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    Should You Consider Co-Washing Your Natural Hair? An In-Depth Guide

    person drying hair

    It's every naturalista's dream to have a simple, yet effective hair routine. As much as we love our hair, we'd like to not spend hours doing it. We still have places to go, people to see, and coins to make. In comes the convenience of co-washing hair.

    Many people have questions about co-washing. Does co-washing save time? Does it make natural hair shine?

    What is Co-Washing in the Hair Care World?

    It's a simpler way of saying “conditioner-only washing,” when one uses conditioner instead of shampoo on wash days.

    You might be thinking, “Isn't conditioner meant to, well, condition?” Yes and no.

    Many conditioners have small quantities of detergents that you'll find labeled as cetrimonium or behentrimonium chloride on the ingredient list.

    When the detergents come into contact with water, they lift small amounts of dirt. This results in hair that feels clean but not squeaky clean. Squeaky clean hair is a no-no in natural hair care.

    The same conditioners also have their trademark conditioning ingredients like honey and shea butter. They leave strands feeling smooth and silky, just how curly girls like it.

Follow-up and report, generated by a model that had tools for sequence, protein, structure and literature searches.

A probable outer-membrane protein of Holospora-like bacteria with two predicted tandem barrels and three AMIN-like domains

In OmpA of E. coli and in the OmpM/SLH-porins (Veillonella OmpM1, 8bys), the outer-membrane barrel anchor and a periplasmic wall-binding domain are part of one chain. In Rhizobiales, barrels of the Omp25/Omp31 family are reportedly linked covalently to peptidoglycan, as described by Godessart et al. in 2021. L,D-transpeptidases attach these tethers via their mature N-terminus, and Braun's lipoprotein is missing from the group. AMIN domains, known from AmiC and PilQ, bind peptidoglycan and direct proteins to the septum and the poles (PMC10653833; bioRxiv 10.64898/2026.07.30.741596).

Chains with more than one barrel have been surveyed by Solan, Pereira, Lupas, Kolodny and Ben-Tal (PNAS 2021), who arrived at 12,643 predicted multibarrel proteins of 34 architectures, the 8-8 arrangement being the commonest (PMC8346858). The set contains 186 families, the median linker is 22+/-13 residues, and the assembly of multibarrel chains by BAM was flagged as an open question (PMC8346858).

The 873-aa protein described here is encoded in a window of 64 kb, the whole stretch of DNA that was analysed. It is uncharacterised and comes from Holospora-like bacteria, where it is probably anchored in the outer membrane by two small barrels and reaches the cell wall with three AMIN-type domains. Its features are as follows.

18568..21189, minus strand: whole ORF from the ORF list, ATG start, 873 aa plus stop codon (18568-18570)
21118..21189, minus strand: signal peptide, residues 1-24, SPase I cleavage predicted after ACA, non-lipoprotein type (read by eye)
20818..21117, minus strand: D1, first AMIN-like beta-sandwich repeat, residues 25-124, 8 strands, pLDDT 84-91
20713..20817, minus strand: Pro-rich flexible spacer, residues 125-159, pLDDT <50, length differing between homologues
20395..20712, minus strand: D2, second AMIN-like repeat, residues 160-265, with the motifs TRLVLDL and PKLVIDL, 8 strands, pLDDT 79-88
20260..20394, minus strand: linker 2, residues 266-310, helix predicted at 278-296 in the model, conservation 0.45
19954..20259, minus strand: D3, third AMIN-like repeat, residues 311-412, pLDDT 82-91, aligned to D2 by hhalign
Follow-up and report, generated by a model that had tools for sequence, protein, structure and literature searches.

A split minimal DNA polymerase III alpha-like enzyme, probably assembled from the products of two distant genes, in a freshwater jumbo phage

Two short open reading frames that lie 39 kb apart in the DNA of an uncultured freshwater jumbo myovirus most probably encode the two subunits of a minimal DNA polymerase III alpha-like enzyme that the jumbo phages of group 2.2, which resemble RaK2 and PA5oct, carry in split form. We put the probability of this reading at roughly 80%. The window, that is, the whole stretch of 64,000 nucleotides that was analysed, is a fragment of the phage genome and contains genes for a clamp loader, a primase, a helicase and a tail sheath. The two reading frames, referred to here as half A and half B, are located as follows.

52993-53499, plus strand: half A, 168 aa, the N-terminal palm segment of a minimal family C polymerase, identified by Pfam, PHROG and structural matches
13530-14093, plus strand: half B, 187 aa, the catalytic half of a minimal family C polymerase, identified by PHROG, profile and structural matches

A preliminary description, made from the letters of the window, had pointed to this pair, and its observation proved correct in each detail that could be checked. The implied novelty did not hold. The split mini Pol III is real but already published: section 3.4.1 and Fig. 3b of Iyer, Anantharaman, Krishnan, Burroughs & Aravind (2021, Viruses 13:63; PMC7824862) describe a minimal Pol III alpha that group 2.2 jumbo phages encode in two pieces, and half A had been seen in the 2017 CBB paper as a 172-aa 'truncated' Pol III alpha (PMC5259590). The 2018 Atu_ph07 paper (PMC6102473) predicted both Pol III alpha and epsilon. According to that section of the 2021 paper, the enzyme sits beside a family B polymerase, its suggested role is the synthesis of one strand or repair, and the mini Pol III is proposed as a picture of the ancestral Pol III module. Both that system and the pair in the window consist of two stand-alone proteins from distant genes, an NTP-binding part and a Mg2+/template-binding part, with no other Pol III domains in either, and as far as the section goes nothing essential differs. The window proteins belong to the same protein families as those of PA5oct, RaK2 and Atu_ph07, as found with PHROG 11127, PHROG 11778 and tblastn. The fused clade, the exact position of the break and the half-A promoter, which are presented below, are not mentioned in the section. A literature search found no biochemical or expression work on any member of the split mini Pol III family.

The Pros of Co-Washing

    Curly and coily hair has a lot to gain from co-washing, which is why many men and women alike have had it in their hair routine for years now.

    It keeps the hair conditioned

    When finding your perfect hair products, you probably encountered shampoos that left your hair super clean. They achieved this by stripping the hair of all its natural oils, which in turn wasn't so great for your hair.

    Co-washes don't strip your hair. Instead, they leave it moisturized, which significantly reduces frizz and leaves the curls feeling soft and fluffy when styled.

    It reduces the chances of damaging your hair

    Type 3 and 4 hair are so beautiful, yet delicate. When not treated with caution, it can easily break off and make you feel like your length is stagnating.

    Most times, we come home from the gym or a run with an itchy scalp due to sweat. And that leaves us stranded because it's not yet wash day, but we want all the sweat gone.